Microsoft CEO Steve Ballmer’s retirement date: Never

“Last time CEO Steve Ballmer offered a tentative timeframe as to when he might retire from Microsoft, he put the date at ten years or so from now (around the time his youngest goes to college),” Mary-Jo Foley reports for ZDNet.

MacDailyNews Note: Related article: Microsoft CEO Ballmer: I’m outta here in 9 or 10 years; as soon as my last kid goes away to college – June 05, 2008

Foley continues, “But now there’s a new date. And Ballmer may be sticking around a lot longer than many are thinking, or, in some cases, hoping.”

Foley reports, “According to scuttlebutt from Microsoft’s annual employee meeting, which was held in Seattle on September 18, Ballmer told attendees that he is going to stay on at Microsoft until Microsoft’s search share exceeds Google’s.”

“In August, Google’s U.S. search share rose 1.1 percent over the previous month’s. Yahoo’s dropped .9 percent to 20.5 percent and Microsoft’s dropped .6 percent, to 8.9 percent,” Foley reports.

MacDailyNews Note: FYI: Google’s share rose 1.1% from 61.9% to 63%. We’re sure that Microsoft sycophant Foley just made an honest mistake, but using the link Foley herself provided, Microsoft dropped 0.6% from 8.9% to 8.3%. Likewise, Yahoo dropped 0.9% from 20.5% to 19.6%. So, for Microsoft and Yahoo, it’s even worse than Foley describes.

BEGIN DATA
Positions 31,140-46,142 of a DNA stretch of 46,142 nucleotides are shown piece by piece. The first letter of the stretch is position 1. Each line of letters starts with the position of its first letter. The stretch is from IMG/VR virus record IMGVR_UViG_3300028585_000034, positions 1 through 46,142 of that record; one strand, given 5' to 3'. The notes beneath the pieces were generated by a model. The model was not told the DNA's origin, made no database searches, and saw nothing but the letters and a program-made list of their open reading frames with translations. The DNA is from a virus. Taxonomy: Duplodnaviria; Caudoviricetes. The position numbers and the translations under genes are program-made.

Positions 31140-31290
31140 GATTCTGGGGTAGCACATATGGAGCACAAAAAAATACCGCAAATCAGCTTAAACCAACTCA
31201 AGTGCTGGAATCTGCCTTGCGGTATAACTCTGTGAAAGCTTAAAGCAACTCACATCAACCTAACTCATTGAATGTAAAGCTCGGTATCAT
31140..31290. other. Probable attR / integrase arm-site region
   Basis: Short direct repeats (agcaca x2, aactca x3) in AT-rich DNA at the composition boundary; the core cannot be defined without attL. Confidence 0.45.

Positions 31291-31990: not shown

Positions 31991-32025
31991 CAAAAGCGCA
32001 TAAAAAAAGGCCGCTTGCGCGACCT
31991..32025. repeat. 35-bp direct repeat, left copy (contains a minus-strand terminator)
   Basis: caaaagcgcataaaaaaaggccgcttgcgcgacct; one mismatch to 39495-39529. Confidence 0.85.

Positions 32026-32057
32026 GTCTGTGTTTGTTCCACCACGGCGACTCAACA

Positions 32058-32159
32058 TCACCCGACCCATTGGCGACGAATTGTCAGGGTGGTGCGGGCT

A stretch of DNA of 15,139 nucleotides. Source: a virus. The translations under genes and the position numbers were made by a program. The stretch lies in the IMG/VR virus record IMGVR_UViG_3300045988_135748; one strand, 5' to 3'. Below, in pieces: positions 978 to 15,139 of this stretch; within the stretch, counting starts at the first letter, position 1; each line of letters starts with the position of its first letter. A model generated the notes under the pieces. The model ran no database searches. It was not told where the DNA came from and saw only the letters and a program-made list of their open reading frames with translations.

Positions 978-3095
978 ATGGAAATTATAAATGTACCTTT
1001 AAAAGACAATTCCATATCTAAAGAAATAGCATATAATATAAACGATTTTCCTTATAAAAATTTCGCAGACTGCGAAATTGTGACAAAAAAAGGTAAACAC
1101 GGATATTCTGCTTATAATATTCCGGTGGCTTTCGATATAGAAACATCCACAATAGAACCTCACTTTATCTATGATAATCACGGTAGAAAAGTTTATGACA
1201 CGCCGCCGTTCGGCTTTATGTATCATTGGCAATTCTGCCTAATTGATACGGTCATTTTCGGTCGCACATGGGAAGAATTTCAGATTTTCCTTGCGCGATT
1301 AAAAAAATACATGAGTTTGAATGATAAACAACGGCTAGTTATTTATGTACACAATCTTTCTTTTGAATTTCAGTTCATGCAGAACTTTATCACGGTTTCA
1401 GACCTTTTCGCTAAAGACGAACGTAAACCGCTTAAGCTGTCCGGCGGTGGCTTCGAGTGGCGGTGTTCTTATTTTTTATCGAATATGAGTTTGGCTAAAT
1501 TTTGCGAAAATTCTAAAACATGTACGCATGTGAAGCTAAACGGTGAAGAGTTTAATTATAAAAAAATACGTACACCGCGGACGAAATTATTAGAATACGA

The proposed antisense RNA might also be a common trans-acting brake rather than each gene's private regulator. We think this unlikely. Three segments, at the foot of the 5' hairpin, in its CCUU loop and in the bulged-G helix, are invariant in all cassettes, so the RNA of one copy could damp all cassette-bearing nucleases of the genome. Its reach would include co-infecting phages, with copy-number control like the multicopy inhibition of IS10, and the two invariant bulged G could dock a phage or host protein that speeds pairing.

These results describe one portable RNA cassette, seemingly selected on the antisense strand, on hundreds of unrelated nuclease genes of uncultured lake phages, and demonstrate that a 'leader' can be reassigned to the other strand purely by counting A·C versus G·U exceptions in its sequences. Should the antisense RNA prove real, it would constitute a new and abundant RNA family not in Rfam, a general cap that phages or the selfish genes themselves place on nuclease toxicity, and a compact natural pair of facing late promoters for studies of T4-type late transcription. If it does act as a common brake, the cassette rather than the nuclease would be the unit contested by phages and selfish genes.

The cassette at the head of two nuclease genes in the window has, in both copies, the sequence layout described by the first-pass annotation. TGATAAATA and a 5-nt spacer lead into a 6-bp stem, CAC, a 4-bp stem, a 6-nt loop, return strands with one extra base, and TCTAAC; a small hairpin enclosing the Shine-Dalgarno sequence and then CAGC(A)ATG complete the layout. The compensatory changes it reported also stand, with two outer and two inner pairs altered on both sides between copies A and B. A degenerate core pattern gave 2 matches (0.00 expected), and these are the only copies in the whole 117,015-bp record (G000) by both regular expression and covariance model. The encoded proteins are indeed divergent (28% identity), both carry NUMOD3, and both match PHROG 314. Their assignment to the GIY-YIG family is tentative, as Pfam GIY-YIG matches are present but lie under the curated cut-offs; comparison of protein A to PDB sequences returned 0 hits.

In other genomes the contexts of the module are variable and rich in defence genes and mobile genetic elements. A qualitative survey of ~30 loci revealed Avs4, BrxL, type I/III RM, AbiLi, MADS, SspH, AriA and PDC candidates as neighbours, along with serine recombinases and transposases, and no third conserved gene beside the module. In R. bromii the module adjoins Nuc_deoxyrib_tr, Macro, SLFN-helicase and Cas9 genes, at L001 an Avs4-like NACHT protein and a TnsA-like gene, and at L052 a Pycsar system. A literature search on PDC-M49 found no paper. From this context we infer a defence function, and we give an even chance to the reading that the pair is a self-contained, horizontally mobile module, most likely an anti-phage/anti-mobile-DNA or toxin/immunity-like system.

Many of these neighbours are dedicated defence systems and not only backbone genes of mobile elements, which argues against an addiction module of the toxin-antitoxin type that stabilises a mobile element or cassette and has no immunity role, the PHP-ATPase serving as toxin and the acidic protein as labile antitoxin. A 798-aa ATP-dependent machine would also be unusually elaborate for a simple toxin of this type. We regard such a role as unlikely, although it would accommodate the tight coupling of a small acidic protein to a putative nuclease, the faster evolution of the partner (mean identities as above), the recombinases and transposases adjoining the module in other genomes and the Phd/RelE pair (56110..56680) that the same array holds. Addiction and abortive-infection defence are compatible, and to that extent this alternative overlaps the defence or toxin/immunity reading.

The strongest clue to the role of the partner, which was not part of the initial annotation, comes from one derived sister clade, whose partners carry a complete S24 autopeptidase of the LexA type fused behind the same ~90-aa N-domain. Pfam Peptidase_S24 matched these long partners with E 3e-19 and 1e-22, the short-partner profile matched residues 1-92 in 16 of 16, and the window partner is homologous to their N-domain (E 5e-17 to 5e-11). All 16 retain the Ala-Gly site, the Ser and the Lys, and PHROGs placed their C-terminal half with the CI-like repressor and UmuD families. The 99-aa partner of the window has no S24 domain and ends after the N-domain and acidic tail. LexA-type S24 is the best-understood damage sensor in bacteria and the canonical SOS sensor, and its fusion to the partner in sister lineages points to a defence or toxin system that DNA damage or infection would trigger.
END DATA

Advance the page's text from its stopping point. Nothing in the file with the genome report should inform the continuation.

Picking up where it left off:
Foley continues, “Unless Microsoft can somehow reverse this trend, Ballmer may be around a long, long time…”

Full article here.

[Thanks to MacDailyNews Reader “Sketchtrain” for the heads up.]

Ballmer’s going to need an embalmer long before Microsoft’s search share exceeds Google’s (ie. never).

53 Comments

  1. He will be removed long before he decides to retire himself, so the date at which he thinks he will retire is essentially irrelevant.

    Balmer, as the CEO, is the guy who is ultimately responsible for Vista, for Zune, and for X-Box. Vista in particular was “his baby” as they say.

    I would wager that if “Vista 1.5” (Windows 7), is not a success, and especially if the new round of ads doesn’t do anything for them, that he will be out soon after. It’s expected that a CEO fall on his sword for failures like this and he has been given more of a “pass” in that regard than many other execs at other companies.

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